So I Should Buy a Used Car?

There's a very strong case for a used car, even before you consider the other compelling aspects, which include a much cheaper purchase price. Keeping an existing vehicle on the road and in use is, by any measure, a common-sense thing to do environmentally and economically.

However, it should be noted that there are various other factors that are impossible to quantify. To be fair to the EV, the 58mpg economy used in these figures is optimistic. Assuming a 38mpg economy, then it’s more like 39,000 miles of running in a fossil fuel car to offset the manufacturing burden of a 48kWh EV.

It's also impossible to take into account the ongoing improvements in mains grid electricity production, reduction in emissions from production of lithium-ion batteries, and potential changes in battery tech in the future, all of which should see the whole life burden of an EV drop significantly.

In truth, no matter how much better the manufacturing and electricity production may get, the greenest route of all is to buy a used EV and run it for as long as possible. Doing this, you’re looking at more like 0.12 tonnes of CO2 emission per 1,000 miles - around half that of an economical, used petrol or diesel car.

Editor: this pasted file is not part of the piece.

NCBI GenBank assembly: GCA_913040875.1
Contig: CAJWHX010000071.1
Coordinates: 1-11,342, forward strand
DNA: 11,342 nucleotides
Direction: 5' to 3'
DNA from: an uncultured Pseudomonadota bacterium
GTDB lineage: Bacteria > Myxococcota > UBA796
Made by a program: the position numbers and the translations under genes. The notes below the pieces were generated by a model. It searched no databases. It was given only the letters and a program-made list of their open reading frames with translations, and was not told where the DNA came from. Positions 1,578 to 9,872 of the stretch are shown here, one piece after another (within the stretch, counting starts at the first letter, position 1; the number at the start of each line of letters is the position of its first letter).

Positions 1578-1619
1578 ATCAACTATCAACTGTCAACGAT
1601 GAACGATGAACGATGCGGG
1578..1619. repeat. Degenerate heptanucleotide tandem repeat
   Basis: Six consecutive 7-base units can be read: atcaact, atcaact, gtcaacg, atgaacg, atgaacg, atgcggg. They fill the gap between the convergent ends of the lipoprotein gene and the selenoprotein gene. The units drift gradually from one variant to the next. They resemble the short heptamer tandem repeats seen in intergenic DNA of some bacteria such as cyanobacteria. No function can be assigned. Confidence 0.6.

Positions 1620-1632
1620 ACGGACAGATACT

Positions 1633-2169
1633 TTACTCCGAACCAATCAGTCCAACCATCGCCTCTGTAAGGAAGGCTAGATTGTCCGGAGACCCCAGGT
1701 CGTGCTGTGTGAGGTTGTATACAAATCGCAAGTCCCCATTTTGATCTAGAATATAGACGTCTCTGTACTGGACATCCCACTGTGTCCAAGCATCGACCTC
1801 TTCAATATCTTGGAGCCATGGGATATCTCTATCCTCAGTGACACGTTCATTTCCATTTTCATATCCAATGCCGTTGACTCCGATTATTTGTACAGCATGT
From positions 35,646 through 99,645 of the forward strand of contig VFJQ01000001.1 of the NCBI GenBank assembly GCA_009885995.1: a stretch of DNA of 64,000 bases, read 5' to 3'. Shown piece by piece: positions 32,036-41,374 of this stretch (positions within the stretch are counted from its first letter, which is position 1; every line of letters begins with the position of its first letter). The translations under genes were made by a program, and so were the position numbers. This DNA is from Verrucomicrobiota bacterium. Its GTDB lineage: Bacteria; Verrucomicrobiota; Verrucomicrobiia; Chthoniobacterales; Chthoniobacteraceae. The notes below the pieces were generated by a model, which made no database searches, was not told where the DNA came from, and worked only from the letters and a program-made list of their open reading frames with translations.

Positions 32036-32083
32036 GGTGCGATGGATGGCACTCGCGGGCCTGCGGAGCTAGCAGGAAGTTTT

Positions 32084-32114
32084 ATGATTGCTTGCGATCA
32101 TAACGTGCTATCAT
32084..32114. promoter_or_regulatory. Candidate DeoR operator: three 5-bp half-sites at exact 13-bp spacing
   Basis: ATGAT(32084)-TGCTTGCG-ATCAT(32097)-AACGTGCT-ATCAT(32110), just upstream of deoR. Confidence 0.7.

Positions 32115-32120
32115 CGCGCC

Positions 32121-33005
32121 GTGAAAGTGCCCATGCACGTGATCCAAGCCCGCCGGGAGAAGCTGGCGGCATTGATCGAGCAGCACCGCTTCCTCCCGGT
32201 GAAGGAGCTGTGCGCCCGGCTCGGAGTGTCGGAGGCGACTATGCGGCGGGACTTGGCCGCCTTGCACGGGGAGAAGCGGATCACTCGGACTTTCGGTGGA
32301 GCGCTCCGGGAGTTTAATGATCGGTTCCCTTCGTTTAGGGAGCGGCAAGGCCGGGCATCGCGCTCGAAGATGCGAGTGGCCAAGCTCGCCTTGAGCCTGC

These figures are far from exhaustive, but they are as precise as it’s possible to be given the large variables involved in any manufacturing scenario – EV or otherwise – and they give us a clearer idea of what we save by keeping an old ICE car on the road, rather than producing a new EV.

The short answer then is that buying used is greener, whether you buy petrol, diesel or EV. Unnecessary scrappage of vehicles is the enemy of any environmentalist, and the ideal is to keep existing cars on the road for as long as possible, before recycling them as efficiently as possible.

We need the new car market to feed the used car forecourts, and the recent influx of longer-range new EVs is already making for much more appealing and varied used electric car prospects. But if keeping an old car on the road works best for you, rest assured that – for the time being at least – it can work for the planet, too.

Vicky Parrott started her career at Autocar and spent a happy eight years there as a road tester and video presenter, before progressing to be deputy road test editor at What Car? magazine and Associate Editor for DrivingElectric. She's a specialist in EVs but she does also admit to enjoying a V8 and a flyweight.